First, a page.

Journal office.
mouth mm
Let Our People Extend to Our
Teachers the Open Hand and
a Cordial Greeting.
From satur(jay.a Dar.
On Monday morning- the dele
gations of the fair teachers of
Cass county will assemble here
for the opening" of the Ca
Counly Teachers' Institute thai
will be conducted by Miss Mary L
Foster. county superintendent.
The institute this year will be one
of the bes( thai has cer been held
here ami the teachers in attend
ance will lind lhat the li-f of in
structors is one of the strongest
that has eer.been oifered at any
county institute in the slate and
includes among" others. A. F.
Winship of Boston, one of the
leading workers in the education
al life of the country. The ad
vancement ,if jrlt. educational
lines in the Fniled Slates ha
been very rapid in the past few
years and the Cass counlv -chool-
hae kept thoroughly in the front
ranks under the careful leader
ship of the superintendent, Mis
Foster, and their success has
been a great pleasure to I he
teachers and patrons of the
The residents of the citv will
show the teachers their best hos
pitality dur ing the week of the in
stitute, and already there are a
number of events planned that
will add to their pleasure. The
officers and members of Platts
mouth Lodge No. I'.VJ. B. 1 o. I-:..
hae very generously oifered I he
use of their beautiful new club
house for the reception lo be
gien the teachers on Monday
ening, anil here the ladies will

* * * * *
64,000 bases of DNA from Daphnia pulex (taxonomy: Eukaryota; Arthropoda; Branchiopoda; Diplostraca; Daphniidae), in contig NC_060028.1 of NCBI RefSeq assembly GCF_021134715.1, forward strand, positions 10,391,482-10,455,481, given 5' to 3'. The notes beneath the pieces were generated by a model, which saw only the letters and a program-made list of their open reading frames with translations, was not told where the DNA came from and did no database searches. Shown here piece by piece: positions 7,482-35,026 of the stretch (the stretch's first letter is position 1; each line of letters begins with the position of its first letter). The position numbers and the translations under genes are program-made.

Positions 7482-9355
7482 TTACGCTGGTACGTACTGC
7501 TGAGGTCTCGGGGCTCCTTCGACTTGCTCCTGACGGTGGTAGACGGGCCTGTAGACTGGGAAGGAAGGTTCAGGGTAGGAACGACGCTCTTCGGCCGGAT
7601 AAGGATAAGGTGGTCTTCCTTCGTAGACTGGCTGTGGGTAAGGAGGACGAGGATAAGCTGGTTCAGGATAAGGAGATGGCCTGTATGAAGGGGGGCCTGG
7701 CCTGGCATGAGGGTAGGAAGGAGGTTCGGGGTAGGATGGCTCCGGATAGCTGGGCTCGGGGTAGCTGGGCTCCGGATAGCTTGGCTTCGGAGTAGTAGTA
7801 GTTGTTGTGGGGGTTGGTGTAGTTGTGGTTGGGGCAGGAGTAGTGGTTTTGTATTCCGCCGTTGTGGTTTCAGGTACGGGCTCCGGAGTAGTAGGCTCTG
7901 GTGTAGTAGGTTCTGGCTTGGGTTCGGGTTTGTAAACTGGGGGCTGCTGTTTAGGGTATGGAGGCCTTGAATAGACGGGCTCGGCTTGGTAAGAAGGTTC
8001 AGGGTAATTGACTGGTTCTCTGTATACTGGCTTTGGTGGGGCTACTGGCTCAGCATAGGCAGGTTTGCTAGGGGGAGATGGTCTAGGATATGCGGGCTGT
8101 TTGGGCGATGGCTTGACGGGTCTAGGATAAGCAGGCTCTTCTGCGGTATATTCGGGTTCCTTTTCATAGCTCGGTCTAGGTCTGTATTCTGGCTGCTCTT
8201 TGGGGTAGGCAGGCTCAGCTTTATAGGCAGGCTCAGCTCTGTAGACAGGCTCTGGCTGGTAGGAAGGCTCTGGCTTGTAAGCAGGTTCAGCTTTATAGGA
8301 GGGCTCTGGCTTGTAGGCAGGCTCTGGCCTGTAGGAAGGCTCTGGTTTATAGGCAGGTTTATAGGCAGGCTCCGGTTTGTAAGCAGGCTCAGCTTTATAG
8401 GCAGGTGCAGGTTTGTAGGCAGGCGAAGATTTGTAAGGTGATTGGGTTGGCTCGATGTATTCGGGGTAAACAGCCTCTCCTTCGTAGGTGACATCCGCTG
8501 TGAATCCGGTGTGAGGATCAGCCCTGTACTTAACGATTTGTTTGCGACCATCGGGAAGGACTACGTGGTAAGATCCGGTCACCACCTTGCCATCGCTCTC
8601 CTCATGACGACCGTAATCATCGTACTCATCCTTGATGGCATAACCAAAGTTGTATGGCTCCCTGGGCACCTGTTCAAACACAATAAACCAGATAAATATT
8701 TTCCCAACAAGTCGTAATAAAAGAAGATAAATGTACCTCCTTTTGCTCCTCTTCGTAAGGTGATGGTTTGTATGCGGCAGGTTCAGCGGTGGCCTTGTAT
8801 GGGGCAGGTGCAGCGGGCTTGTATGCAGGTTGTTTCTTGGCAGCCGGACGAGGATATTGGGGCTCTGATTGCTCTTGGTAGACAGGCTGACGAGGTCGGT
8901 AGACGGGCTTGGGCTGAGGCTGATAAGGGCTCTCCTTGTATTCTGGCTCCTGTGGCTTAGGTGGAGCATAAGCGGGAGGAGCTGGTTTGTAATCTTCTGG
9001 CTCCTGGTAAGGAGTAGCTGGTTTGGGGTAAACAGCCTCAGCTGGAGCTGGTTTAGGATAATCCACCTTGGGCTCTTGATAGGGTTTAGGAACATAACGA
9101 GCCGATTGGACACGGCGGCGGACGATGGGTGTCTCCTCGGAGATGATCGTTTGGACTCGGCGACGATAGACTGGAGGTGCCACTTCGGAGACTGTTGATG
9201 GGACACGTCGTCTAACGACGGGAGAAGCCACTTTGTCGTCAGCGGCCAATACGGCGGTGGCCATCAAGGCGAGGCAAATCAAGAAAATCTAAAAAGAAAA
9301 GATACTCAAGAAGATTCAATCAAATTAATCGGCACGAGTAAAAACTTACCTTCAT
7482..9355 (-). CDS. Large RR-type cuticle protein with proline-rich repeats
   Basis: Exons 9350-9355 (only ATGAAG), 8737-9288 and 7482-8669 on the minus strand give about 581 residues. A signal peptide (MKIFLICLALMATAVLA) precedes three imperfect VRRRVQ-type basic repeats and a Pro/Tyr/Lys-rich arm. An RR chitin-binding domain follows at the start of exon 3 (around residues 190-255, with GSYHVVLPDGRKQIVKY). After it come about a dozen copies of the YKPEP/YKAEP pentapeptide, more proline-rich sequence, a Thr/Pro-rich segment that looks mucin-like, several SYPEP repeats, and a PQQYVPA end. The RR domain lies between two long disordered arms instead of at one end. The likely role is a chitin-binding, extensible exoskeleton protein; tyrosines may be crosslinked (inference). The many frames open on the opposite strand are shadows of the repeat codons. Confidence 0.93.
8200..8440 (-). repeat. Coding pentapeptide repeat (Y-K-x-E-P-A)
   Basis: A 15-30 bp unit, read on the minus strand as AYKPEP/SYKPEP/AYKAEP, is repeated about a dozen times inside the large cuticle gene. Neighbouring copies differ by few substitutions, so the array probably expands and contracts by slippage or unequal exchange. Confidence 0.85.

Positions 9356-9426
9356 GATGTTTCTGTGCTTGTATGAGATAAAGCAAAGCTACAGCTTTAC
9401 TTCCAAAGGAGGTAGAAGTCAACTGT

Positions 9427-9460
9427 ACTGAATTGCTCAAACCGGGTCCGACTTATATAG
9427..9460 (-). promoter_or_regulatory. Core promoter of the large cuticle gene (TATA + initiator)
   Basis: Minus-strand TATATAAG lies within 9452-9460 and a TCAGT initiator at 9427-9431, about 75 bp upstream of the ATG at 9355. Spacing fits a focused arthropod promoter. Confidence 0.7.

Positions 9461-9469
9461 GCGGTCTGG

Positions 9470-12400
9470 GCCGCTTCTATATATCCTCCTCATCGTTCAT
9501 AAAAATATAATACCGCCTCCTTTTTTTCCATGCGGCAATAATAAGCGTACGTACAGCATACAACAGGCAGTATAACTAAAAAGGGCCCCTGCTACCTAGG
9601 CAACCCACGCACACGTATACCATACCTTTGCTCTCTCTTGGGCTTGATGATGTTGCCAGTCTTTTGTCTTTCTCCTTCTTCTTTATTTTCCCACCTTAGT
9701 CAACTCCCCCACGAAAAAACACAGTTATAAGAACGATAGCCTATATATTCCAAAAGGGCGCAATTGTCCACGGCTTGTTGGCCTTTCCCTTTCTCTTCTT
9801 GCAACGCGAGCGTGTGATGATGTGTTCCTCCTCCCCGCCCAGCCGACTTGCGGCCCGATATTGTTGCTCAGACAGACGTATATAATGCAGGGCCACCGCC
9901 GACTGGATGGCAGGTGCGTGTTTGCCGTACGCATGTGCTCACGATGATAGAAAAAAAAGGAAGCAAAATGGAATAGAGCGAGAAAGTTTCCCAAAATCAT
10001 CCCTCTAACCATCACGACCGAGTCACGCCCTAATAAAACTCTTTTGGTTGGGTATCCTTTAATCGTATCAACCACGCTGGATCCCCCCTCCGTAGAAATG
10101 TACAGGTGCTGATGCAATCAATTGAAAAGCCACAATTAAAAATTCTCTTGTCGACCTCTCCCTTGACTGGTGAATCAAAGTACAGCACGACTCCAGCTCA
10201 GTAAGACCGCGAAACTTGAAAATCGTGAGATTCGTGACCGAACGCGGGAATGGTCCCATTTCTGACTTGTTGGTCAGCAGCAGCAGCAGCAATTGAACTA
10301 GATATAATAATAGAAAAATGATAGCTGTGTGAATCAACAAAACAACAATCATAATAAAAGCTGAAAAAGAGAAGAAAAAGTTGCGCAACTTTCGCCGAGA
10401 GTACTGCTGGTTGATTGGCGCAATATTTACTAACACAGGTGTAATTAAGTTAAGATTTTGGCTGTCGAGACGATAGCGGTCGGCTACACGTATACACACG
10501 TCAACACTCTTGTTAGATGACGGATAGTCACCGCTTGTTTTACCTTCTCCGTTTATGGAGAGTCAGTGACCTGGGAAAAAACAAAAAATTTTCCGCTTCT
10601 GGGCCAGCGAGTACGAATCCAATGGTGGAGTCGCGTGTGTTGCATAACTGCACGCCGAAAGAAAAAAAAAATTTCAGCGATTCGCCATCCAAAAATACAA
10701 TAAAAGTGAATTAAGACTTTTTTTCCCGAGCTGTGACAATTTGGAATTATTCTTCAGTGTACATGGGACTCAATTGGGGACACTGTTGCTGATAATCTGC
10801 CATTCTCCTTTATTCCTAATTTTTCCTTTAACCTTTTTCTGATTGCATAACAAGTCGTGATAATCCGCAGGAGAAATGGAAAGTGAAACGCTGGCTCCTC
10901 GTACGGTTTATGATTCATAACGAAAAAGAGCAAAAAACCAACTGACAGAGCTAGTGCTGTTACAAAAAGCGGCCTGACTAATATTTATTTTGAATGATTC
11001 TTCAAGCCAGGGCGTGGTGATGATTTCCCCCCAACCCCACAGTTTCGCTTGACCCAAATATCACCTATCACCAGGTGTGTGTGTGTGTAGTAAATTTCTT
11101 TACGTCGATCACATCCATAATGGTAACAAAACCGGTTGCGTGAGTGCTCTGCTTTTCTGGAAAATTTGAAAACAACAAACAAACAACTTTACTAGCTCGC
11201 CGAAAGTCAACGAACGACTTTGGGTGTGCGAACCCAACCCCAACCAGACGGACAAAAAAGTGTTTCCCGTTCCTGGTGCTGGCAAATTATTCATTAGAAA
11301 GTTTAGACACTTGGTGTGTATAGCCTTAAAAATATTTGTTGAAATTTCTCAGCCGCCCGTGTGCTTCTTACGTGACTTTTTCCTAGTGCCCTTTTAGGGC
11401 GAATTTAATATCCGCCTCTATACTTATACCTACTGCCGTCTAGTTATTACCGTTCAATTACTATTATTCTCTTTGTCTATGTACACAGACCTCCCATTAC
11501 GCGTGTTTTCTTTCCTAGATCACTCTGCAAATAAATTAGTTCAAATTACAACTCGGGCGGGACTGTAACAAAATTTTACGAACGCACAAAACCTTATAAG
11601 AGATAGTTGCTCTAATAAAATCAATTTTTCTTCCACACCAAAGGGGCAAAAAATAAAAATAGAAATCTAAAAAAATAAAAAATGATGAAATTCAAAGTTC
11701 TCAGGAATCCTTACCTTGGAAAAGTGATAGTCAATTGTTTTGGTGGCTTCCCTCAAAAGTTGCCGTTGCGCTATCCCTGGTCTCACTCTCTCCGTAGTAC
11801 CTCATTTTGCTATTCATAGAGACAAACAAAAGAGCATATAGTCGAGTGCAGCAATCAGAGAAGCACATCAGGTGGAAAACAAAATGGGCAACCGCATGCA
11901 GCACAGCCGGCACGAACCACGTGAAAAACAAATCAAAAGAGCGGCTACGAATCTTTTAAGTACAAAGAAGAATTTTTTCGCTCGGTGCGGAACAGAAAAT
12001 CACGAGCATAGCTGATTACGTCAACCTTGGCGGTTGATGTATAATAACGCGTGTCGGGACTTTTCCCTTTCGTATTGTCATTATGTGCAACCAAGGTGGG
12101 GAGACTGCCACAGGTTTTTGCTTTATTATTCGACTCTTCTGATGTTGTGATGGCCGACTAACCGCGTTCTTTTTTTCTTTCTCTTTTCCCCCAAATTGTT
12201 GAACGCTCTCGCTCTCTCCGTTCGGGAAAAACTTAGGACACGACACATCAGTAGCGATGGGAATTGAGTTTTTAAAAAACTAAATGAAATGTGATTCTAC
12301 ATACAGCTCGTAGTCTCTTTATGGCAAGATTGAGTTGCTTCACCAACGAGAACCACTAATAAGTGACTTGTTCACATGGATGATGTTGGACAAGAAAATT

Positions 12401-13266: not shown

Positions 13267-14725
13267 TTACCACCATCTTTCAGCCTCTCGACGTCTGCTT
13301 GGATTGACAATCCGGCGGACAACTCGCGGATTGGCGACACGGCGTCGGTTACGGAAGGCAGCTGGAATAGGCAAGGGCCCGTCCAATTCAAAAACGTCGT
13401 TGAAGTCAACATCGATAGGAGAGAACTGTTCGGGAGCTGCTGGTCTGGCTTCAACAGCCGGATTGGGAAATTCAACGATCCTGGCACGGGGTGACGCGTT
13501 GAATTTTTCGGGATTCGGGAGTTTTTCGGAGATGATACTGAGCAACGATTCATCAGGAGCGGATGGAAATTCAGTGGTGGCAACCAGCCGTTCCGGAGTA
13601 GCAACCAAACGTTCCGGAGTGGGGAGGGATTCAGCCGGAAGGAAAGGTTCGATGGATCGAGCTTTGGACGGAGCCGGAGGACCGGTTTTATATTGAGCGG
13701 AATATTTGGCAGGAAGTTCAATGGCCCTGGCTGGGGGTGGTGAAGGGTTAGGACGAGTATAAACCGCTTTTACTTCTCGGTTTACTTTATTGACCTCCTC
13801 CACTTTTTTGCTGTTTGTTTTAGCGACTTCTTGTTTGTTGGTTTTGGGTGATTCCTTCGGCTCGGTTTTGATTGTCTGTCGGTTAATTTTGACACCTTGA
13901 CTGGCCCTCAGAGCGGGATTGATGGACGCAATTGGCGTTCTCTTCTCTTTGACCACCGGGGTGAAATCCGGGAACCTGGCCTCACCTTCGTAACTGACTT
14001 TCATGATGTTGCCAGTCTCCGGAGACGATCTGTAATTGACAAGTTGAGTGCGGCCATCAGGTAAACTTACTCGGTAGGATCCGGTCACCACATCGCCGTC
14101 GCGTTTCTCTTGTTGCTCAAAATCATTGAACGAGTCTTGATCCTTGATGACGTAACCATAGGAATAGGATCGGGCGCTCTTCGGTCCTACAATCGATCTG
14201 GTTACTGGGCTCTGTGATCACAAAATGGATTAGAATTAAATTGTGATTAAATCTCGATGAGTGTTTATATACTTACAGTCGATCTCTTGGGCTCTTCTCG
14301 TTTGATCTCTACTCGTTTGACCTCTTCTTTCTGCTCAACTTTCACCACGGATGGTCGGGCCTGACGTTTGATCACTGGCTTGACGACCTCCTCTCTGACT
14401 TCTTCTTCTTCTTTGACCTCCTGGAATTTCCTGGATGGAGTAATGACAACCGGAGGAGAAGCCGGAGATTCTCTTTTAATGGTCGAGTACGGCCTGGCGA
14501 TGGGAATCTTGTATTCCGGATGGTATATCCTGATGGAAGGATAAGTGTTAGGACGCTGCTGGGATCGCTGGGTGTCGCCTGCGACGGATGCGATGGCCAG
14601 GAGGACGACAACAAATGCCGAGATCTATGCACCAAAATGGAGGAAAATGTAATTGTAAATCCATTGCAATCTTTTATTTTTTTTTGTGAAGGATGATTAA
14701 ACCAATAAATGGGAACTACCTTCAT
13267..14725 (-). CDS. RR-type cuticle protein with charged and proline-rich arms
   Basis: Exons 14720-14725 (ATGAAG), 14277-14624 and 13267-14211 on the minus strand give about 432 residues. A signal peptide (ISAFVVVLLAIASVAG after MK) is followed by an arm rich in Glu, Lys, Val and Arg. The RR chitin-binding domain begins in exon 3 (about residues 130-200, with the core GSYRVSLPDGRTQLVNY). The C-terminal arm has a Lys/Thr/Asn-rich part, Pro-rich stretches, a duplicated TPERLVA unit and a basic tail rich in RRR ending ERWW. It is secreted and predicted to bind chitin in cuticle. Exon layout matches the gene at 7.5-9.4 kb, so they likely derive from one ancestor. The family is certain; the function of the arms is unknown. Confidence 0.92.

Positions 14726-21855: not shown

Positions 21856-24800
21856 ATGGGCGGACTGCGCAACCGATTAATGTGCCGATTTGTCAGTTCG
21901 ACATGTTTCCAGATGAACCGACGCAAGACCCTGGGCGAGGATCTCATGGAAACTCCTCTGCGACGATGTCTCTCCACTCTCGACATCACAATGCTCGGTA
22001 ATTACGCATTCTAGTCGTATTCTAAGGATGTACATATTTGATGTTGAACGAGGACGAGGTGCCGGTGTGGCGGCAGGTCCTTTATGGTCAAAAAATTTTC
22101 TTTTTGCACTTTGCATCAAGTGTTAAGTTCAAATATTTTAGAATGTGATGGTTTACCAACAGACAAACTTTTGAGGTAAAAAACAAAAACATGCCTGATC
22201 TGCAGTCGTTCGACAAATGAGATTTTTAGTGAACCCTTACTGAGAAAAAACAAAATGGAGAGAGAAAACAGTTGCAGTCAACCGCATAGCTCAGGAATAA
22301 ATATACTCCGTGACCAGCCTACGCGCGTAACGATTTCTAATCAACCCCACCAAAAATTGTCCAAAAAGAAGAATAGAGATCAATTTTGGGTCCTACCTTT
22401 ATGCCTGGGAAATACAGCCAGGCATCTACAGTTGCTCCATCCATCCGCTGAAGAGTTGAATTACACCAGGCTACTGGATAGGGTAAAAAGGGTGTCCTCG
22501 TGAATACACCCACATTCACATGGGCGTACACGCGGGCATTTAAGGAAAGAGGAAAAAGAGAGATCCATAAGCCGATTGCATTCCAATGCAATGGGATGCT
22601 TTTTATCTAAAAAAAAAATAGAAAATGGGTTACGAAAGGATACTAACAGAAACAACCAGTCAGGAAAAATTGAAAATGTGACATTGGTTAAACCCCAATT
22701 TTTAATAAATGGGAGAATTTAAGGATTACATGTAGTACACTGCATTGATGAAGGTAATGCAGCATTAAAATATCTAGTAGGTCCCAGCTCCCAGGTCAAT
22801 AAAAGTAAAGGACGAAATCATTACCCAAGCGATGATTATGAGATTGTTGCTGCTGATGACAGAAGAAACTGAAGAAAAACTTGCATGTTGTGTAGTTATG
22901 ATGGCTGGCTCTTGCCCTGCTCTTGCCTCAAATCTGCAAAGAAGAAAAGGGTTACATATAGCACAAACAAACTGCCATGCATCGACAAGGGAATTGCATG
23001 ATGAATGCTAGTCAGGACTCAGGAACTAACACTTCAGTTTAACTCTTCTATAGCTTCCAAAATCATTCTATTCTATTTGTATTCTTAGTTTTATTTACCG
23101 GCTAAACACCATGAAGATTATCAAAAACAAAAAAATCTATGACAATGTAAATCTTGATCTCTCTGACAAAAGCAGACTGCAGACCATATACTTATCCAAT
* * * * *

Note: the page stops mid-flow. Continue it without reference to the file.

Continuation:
be entertained at a public recep
tion from X to Kl o'clock. A very
ieligiitful time is anticipated and
i program of music will be given
lo entertain the visitor and tin1
:uib!ic in attendance at the re
ception. The meetings will be
liebl in the district court room
md everone who can should be
present at the lectures, which are
ill worth the while.
Among- the Nebraska people
who were caught by the war in
F.urope and forced to remain m
the mi. 1st of the -truggle among
the nations is Fred Fbinger of
Plaimiew, and a former resident
here. Mr. Fbinger left here in
May for the trip to Germany,
where he desired to visit the fa
miliar scenes along the Khine and
lo .-ee again the Fatherland. He
was in this part of the world when
the war between Germany and the
other nations of Furope arose and
has been compelled to remain
there for- the present at least, as
eery means of leaving the coun
try have been paralized by the
great demand for means of transporting-
troops from me part of
I he empire to another. Mr. Hung
er is a German himself and will
be treated with courtesy by his
countrymen during his enforced
slay there. He expected to return
lo the Fnifed States in Septem
ber, however.
A Former' Plattsmouth Boy.
John O'Connor, an obl-time
Plaltsmouth boy, who for the
past few years has been living at
Crele. where he was engaged in
the restaurant business, came in
last evening to visit with his obi
friends here and to renew the ac
quaintances of years pone by. He
departed this morning" for Har
vard, Neb., where he expects to
engage in the real estate business
in the future.
i y f- r i